One day when Pa Ingalls was working his perfect-dad bum off in the blazing sun of the prairie, Laura took him a jug of ice-cold water, with a little surprise in it. Ginger. That’s right. Ma Ingalls had flavoured that water with a little scrap of ginger so Pa could slake his thirst with an edgy little treat.
I know what would happen if one of my kids took that ginger water out to their dad on a hot day, and it might begin with WTF! But Pa Ingalls was tickled pink with his ginger water treat, and his eyes were twinkling as he pressed on with the ploughing or stacking hay or whatever he was doing on that hot day on the prairie. I think about that every time I’m grating ginger. Weird, I know.
Food features prominently in all of Laura Ingalls Wilder’s work. The ‘Little House’ series was based on the lives of Laura Ingalls’ family in the late nineteenth century. Farmers in the American mid-West pioneer country, their relationship with Mother Nature was frequently at odds.
Although they were often hungry, Laura’s focus was rarely on the shortage of food. Rather, she celebrated the food they had. Laura made a couple of boiled potatoes sound like an absolute feast. And when a rare treat found its way into the house the whole family practically exploded with excitement.
Unlike the hale and hearty characters on the ‘Little House on the Prairie’ TV show, the real-life Ingalls family would have had good reason to doubt the wisdom of Pa’s ‘Go West, young man’ pioneer dream. ‘The Long Winter’ (the fifth book in the series) describes how close the family (and the whole town) came to complete starvation when eight months of relentless blizzards cut off all food sources except a dwindling supply of seed wheat. This is the only book in the series where the focus shifts to their lack of food, rather than celebrating what they had.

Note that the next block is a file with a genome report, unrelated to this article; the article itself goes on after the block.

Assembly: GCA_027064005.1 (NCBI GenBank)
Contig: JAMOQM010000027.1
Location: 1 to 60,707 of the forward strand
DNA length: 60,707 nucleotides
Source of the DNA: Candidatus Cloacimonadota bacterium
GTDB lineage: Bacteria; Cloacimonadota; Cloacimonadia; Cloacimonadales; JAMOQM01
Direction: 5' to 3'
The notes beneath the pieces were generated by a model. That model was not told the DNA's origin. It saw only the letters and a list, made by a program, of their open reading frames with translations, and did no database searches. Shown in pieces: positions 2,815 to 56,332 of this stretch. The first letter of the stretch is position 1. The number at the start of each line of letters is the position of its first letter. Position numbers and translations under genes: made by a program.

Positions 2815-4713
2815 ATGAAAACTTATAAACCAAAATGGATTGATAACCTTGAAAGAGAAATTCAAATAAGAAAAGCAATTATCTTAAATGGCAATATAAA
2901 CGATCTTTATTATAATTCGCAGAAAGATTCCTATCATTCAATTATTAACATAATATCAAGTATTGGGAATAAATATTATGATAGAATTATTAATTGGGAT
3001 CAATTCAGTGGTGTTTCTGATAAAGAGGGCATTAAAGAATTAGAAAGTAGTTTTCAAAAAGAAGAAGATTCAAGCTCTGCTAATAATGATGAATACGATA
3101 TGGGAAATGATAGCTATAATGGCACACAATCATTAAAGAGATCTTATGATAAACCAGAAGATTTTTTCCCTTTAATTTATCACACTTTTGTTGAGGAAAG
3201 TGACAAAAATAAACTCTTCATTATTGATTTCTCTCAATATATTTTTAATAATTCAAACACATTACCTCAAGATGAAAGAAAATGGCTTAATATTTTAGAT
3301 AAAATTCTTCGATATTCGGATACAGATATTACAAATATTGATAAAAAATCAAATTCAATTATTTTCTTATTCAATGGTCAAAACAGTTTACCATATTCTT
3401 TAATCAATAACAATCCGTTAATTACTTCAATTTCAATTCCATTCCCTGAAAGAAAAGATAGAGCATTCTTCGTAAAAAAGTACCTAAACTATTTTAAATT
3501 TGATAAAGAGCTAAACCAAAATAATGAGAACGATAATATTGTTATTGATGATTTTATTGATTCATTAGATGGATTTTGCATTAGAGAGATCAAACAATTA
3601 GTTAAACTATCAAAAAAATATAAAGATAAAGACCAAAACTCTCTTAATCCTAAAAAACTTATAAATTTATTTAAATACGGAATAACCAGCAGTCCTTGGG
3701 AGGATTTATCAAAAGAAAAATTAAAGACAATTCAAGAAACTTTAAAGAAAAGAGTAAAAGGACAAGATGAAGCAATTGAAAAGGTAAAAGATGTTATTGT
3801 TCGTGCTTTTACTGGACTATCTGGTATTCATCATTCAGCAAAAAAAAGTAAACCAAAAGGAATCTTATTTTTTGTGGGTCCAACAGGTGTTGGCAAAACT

Prior to their Westward-ho adventures (and misadventures) the Ingalls family were quite cosily ensconced in the ‘big woods’ of Wisconsin. ‘Little House in the Big Woods’ has a completely different feel to the rest of the series. They weren’t rich, but they were secure. And they were surrounded by nearby family.
I was about seven or eight years old when I read ‘Little House in the Big Woods’, and I was sufficiently inspired by an event in the book to fix myself a bit of an Ingalls family sweet treat. In the book, the extended Ingalls clan had gathered together to tap Maple sap from their maple trees, and then process the sap to make maple sugar, syrup and a bit of candy. The womenfolk were busy boiling their maple syrup, while each child fetched a dish of clean snow from outside. The boiling syrup was trickled onto the snow to harden into candy.
This seemed like a pretty good idea to me. We didn’t have any maple trees, or any maple products, or any snow for that matter, but I figured I could freeze some honey to achieve the same result.
The scientific flaws in my plan did not escape my mother, and she put the brakes on the whole project before it even began.
Or so she thought.
I wasn’t really a sneaky child, but in this instance I was hell-bent on making that snow-candy. Since the honey experiment was off the table, I mixed up a thick paste of Milo and water at my earliest opportunity, blobbed it onto a Tupperware lid, and put it in the freezer.